The art of judges

March 16, 2023 § Leave a comment

Justice James D. Ward and his wife Carole with Ken Auster’s paintings.

WE HAD A VISIT the other day from Jim and Carole Ward, who were in town for a few days from Riverside. Jim — more formally the Honorable Justice James D. Ward, now retired from California’s Fourth District Court of Appeal — is one of a number of judges who have become friends of the gallery over the years.

In a previous lifetime, when I was editor and publisher of California Lawyer magazine, Jim was a prominent lawyer who had argued and won two important First Amendment cases in the U.S. Supreme Court — and a voluble and valuable member of our editorial board. After a meeting, while sharing a meal, we confided our itch for new adventures.

One evening a couple of years later, a friend and I stopped into the beautiful Redwood Room in the Clift Hotel, and there was Jim, having a drink at the bar. I went over to say hello, and he was as affable as ever. (He later told me he had also been approached in the Redwood Room by a lady of the evening, offering companionship.) It turned out we had both found our new adventures: I had opened an art gallery and Jim had gotten himself appointed to the appellate court. 

He was enthusiastic about my new life, and he and Carole would sometimes visit the gallery when they were in San Francisco. They bought one of Ken Auster’s early landscape paintings, of June Lake in the Sierra, where Carole’s family had often vacationed. Across the years and miles, Jim and I have kept in touch and occasionally swapped stories.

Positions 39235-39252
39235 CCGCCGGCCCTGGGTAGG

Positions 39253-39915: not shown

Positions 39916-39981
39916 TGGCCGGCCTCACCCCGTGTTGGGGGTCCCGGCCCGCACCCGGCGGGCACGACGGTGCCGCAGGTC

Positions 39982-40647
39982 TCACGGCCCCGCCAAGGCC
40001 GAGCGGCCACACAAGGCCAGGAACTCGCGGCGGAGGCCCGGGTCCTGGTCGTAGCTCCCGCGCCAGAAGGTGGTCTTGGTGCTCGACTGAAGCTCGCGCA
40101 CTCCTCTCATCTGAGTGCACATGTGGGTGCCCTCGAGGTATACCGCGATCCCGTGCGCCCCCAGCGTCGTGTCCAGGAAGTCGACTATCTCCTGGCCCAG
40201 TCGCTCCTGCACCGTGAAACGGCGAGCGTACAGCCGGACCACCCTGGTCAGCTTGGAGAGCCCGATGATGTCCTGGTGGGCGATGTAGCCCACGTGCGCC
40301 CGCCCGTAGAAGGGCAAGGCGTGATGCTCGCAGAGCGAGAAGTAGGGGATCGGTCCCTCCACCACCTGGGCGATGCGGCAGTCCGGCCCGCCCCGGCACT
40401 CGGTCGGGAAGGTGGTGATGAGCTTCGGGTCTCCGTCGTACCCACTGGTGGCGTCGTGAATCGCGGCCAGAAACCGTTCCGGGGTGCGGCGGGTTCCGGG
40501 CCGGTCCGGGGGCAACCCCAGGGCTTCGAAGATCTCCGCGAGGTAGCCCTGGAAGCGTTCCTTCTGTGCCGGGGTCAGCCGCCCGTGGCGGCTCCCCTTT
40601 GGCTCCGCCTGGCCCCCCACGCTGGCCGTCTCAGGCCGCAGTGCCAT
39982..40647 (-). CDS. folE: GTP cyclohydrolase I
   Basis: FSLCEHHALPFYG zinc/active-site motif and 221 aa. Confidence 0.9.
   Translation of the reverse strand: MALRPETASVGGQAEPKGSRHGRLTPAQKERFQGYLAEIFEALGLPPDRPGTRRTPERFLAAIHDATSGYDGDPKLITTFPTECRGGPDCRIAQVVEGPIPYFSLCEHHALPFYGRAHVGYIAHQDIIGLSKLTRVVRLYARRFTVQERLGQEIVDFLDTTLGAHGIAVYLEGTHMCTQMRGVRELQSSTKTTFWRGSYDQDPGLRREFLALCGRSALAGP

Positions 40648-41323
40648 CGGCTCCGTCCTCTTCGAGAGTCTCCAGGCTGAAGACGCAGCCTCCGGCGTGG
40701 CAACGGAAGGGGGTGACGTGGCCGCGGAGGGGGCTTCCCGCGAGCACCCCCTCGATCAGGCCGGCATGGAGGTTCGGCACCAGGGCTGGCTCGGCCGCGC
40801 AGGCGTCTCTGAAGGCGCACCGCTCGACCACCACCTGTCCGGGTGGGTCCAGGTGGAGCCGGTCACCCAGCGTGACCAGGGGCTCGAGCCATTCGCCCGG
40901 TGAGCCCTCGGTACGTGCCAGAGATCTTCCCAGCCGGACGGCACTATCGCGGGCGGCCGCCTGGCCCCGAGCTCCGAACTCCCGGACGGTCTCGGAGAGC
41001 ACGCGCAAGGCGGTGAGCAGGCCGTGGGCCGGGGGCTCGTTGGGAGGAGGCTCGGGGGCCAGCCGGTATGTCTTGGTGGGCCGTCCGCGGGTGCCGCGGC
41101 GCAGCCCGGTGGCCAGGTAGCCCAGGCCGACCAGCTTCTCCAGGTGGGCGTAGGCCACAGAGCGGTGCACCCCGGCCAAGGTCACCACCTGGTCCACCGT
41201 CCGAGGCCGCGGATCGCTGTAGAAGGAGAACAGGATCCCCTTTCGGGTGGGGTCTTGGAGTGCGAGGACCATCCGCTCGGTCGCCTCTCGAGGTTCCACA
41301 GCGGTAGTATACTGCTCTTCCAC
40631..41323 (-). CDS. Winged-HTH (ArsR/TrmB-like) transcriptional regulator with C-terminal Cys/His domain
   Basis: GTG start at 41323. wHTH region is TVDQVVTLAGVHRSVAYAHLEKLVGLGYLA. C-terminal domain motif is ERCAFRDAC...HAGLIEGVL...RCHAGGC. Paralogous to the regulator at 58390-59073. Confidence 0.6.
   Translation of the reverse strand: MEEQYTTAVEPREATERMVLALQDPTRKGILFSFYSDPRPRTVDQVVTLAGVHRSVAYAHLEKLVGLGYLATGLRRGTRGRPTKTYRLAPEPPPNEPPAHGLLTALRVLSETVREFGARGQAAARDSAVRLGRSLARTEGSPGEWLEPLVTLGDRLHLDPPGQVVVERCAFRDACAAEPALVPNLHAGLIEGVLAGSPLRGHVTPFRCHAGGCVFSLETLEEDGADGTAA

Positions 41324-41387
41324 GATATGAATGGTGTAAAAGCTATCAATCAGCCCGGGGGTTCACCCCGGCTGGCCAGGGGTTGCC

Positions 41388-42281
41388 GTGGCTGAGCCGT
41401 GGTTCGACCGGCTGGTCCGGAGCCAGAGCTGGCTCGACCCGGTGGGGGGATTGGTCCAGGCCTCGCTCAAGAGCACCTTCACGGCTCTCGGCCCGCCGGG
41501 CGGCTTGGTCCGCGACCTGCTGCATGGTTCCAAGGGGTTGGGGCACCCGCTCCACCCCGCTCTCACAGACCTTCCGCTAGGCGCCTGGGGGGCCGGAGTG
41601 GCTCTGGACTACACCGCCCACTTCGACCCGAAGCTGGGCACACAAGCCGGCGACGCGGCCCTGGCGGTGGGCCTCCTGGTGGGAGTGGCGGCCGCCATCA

Much of the gallery’s clientele has come from the legal world, especially in the early days. That was my world, too. One of my first exhibitions, in 1995, was titled “Lawyers Turned Artists.” A few years later,  when I made a documentary about the California Supreme Court, I was pleased to find a work from my gallery displayed in the chambers of Chief Justice Ronald M. George. 

In fact, my final visitor before we left San Francisco in 2020 was another lawyer who recently had been appointed to the bench, collecting for his new chambers John Payne’s historic painting of the cable cars that once ran past Alta Plaza Park. I was moved when he told me, soon after he became Judge Michael B. McNaughton: “It makes me want to be a better person.” As he was leaving, I wished him well on the bench and told him how much I had enjoyed his visits and friendship over the years.

“Are you kidding?” he responded. “You enriched my life.”

— Thomas R. Reynolds


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